Recently I came across a Runner's World article from 1995 that I'd saved in my senior memory book. The article talked about how people think runners are crazy, and the author was embracing the crazy. This piece inspired the copy I wrote for the track page in my senior year book (I was copy editor for my high school yearbook...I'm sure this is shocking news if you didn't know). On Sunday morning as I was driving to Ann Arbor to run the Ann Arbor Half Marathon I was thinking for the first time in a while that being a runner makes one a little bit insane. It's a strange dichotomy because running makes me insane but is also my sanity. How does that work? Just for fun I thought I'd give you a glimpse into my crazy mind for a few hours last Sunday morning. I hope you're ready for this.
4:22 a.m. Wake up with a start realizing the baby has slept all night. Lie awake thinking about random things...things that come together to become a whole thing and keep you awake. Fitfully fall back to sleep.
4:53 a.m. Wake up and realize it's just easier to get up than wait seven minutes for the alarm. Groggily walk to the closet and put on my running clothes. Put in contacts, brush my teeth, amble downstairs to let the dogs out.
5:15-5:45 a.m. Attempt to actually wake up. Eat breakfast (English muffin with Trader Joe's cocoa almond spread) and have cup of coffee #1. Snuggle the dogs. Wake my husband up to tell him I'm leaving, and then I'm out the door with cup of coffee #2.
5:50 a.m. Everything on the radio sucks. Plug in my phone while weaving all over the dark highway to listen to a Spotify playlist instead. Thank you Drake and R. Kelly for keeping me awake.
6:49 a.m. Arrive at Pioneer High School in Ann Arbor. Pay $5 to park. Not amused. Sit in the car for a few minutes before jogging to the bathroom. Regretting cup of coffee #2.
7:05 a.m. Back in the car. It's cold (about 16 degrees). Listen to more music and play on Twitter. Attempt to relax.
7:15 a.m. Emerge from the warm confines of my car and walk to the finish line. The sun is starting to rise, but there's only shade behind the monstrosity that is the University of Michigan's football stadium.
7:30 a.m. Race starts perfectly on time. I align myself with the 8:58 pacer. I am a pretty solitary runner and am generally annoyed by pace groups, but I need to figure out how to handle my first half marathon in almost a year.
7:39 a.m.(approximately) One mile in. The pace group is running in downtown Ann Arbor. You can hear runners talking and the drum beat of our feet. Spectators? None. It is a ghost town.
7:57 a.m. Nearing the 5k mark running on Geddes Road. It's quiet (why aren't people out on their lawns?!?) It's legit hilly. That part I dig.
8:42 a.m. Miles 3-8 are mostly a blur. We run on roads with little crowd support. The pace group is getting smaller. I walk through the mile 8 water station and realize I can't stick with the pace group. The guy talking about how he "didn't train but just did a half Ironman" is annoying me anyway.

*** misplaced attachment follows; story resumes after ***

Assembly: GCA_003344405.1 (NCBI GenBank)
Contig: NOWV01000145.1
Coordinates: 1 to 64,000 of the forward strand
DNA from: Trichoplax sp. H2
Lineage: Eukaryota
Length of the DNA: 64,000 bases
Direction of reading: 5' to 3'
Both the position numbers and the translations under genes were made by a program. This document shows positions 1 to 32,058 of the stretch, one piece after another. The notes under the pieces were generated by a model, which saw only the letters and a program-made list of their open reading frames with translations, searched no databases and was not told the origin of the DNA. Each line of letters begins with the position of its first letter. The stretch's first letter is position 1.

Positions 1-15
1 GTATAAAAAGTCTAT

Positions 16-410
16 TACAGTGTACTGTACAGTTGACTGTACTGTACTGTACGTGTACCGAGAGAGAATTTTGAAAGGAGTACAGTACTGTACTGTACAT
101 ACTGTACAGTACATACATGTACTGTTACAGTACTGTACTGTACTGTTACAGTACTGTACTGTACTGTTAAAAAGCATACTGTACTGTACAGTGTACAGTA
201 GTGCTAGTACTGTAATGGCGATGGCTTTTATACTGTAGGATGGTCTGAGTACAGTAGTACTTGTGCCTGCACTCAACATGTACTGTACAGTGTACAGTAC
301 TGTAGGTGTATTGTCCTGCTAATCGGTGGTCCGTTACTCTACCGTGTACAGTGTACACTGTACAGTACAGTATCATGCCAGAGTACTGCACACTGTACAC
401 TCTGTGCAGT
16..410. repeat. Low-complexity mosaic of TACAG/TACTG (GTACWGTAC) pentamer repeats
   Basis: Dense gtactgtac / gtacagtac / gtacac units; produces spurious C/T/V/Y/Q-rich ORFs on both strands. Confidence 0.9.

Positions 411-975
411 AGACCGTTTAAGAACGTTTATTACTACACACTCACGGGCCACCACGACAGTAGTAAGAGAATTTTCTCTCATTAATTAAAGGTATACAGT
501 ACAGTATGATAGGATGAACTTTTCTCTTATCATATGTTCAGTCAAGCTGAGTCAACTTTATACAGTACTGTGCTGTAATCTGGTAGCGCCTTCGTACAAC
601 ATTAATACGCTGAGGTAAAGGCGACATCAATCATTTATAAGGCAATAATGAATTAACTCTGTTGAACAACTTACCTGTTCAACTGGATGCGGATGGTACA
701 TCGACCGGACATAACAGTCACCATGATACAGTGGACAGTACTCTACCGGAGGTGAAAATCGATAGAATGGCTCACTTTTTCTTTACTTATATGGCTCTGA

8:50something a.m. The sun is really bright, and it feels great. Crap. I forgot to put on sunscreen. Great. Now I'll have a sunburn and wrinkles. Rookie mistake. Shoot I also forgot to put Body Glide under my sports bra. That's gonna leave a mark.
9:00 a.m. Mile 10 is up the hill near the medical center. This hill is serious business. Oh I need to make an appointment with my GI doctor at U-M medical center. I wonder if other people around me have Crohn's? Doubtful. Lucky bastards.
9:02 a.m. We run into the Arboretum. The asphalt turns to gravel. I read this in the course description. It didn't prepare me for how annoying it would be to run on the gravel. Screw it. I'm walking. When's the last time I walked in a half marathon other than through water stations? It's been a while. My goal is 2:10. I'm still good right? My stupid watch battery died. Killing me.
9:10ish a.m. The hill in the arboretum is rough. I count to 60 in my head as I walk up the hill. I love hills, but this is too much. Quads screaming. Oh my goodness there's the water station. It's probably just easier to keep walking until it's I get some water. Maybe I need Gatorade too. Yup...definitely need Gatorade.
9:20 a.m. Ooh we're running through campus. It's so pretty and relatively flat at this point. I hear a voice behind me. Is that a pacer? (Glance back). Crap that's definitely the 9:10 pacer. His voice is loud. Is a loud voice a requirement for a pacer? He sounds pretty engaging actually. They're definitely going to pass me.
9:27 a.m. Running past what appear to be vacant frat houses, and I hear nothing. I listen for noise from the finish line maybe half a mile away. Nothing. Where are the people? Where is the noise?
9:31 a.m. Oh my God there's the finish. Hurts. Hurts. Hurts. Keep running. Done! Now where's my medal? Wait THIS is my medal? Come on.
9:35 a.m. Drink water. Stretch. I've got to walk back to my car. Is there a shuttle or something? I don't see anything. It'll be good to walk it out.
9:45 a.m. My hands are free-zing. Why is this water so cold? The wind is brutal. Why didn't I sleep in this morning? Oh right. Because I'm a bad ass.
9:55 a.m. Heat in the car as high as it will go. Frozen. Now I've got to drive home. My hands won't work to turn on my Spotify list. I guess Sirius has to do.
As I do a play by play of what race day is like, I definitely sound crazy. Wasn't it Einstein who said that insanity is doing the same thing over and over and expecting different results? In that case runners are nuts. But come on...you all know I'm a little crazy. That's part of my charm, right?